Editorial

No Petty Crimes

WITH housebreaking being among the most committed reported crime on the island, more definitely needs to be done on homeowners’ part to safeguard their possessions and lives from the hands of criminals.

Increasingly, videos are going viral on social media, catching thieves stealthily having their way with other people’s property. A video surfaced recently with vigilante justice being meted out to a young man who allegedly broke and entered a house at Carielle and was apprehended. The debate as to whether the young man got what he deserved still rages.

Despite many homeowners’ best efforts at securing their homes and business-places, it seems criminals are going to extreme lengths to satiate their materialistic tendencies at our expense. In many instances, a black market is readily available where thieves can fence such stolen items. As such, housebreaking has now become a state-of-the-art business with criminals ostensibly perfecting their craft crime after successful crime.

That’s why neighbourhood watch groups are needed now more than ever. The difficulty with that, though, is that many neighbours are often less than neighbourly with many turning a blind eye to the criminals’ actions. No one ever sees anything when another is affected but expects everyone else to when they are the victims.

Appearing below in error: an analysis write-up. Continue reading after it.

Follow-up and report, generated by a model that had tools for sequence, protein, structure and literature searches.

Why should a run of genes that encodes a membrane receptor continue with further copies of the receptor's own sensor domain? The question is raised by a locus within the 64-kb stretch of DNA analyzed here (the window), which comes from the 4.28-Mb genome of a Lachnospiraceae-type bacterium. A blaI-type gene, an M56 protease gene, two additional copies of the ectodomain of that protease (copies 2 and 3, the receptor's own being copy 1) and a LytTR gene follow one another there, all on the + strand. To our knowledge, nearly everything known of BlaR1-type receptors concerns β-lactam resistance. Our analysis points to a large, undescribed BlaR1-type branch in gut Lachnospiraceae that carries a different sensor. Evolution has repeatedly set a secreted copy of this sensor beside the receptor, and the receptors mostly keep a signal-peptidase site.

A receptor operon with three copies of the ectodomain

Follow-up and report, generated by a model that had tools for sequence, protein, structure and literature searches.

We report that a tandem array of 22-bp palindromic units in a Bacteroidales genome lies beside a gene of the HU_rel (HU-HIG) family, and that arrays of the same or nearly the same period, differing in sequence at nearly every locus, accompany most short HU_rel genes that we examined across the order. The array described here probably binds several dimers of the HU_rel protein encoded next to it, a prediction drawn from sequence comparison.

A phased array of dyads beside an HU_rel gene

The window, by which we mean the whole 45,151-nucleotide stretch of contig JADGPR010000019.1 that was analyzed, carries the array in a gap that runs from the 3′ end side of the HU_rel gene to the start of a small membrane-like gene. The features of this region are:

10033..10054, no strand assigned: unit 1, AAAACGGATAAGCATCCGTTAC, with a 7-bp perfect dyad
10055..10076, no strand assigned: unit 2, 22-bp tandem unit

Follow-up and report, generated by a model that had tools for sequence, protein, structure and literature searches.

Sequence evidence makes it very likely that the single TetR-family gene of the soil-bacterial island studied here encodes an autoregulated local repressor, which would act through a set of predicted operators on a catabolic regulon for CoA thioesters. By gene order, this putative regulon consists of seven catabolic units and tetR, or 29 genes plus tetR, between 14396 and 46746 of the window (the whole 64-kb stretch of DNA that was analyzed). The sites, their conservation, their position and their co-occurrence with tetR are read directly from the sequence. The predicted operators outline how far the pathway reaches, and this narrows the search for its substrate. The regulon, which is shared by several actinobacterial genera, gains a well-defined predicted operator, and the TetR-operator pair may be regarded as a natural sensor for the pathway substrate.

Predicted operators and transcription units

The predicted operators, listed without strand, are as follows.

Ostensibly, the police seem to not place a great deal of emphasis on housebreaking. The police have often complained about the lack of human and other resources being available, forcing them to instead concentrate on “more serious crimes”. The danger with that kind of posture by the police, however, is that many citizens seem willing to resort to vigilante justice even though our law books condemn such behaviour.

The laws need to be amended to make housebreaking “a more serious offence”, to use the police force’s parlance. The police also need to take the necessary steps to pursue such criminals when they obtain evidence. We also need to become a more liberal society where the people holding us ransom are known so that we can identify them and be more on guard.

People must not be made to live in cages while criminals feel free to make their wages off of the hard-earned gains of others. The laws need to reflect the changing course of our society by becoming more stringent. While many criminals might not be bothered with stifter legislation regarding housebreaking, they will at least know that the offence is a serious one for which there will be serious repercussions.

There are no petty crimes these days, especially when people stand to lose something to criminals, including their lives.

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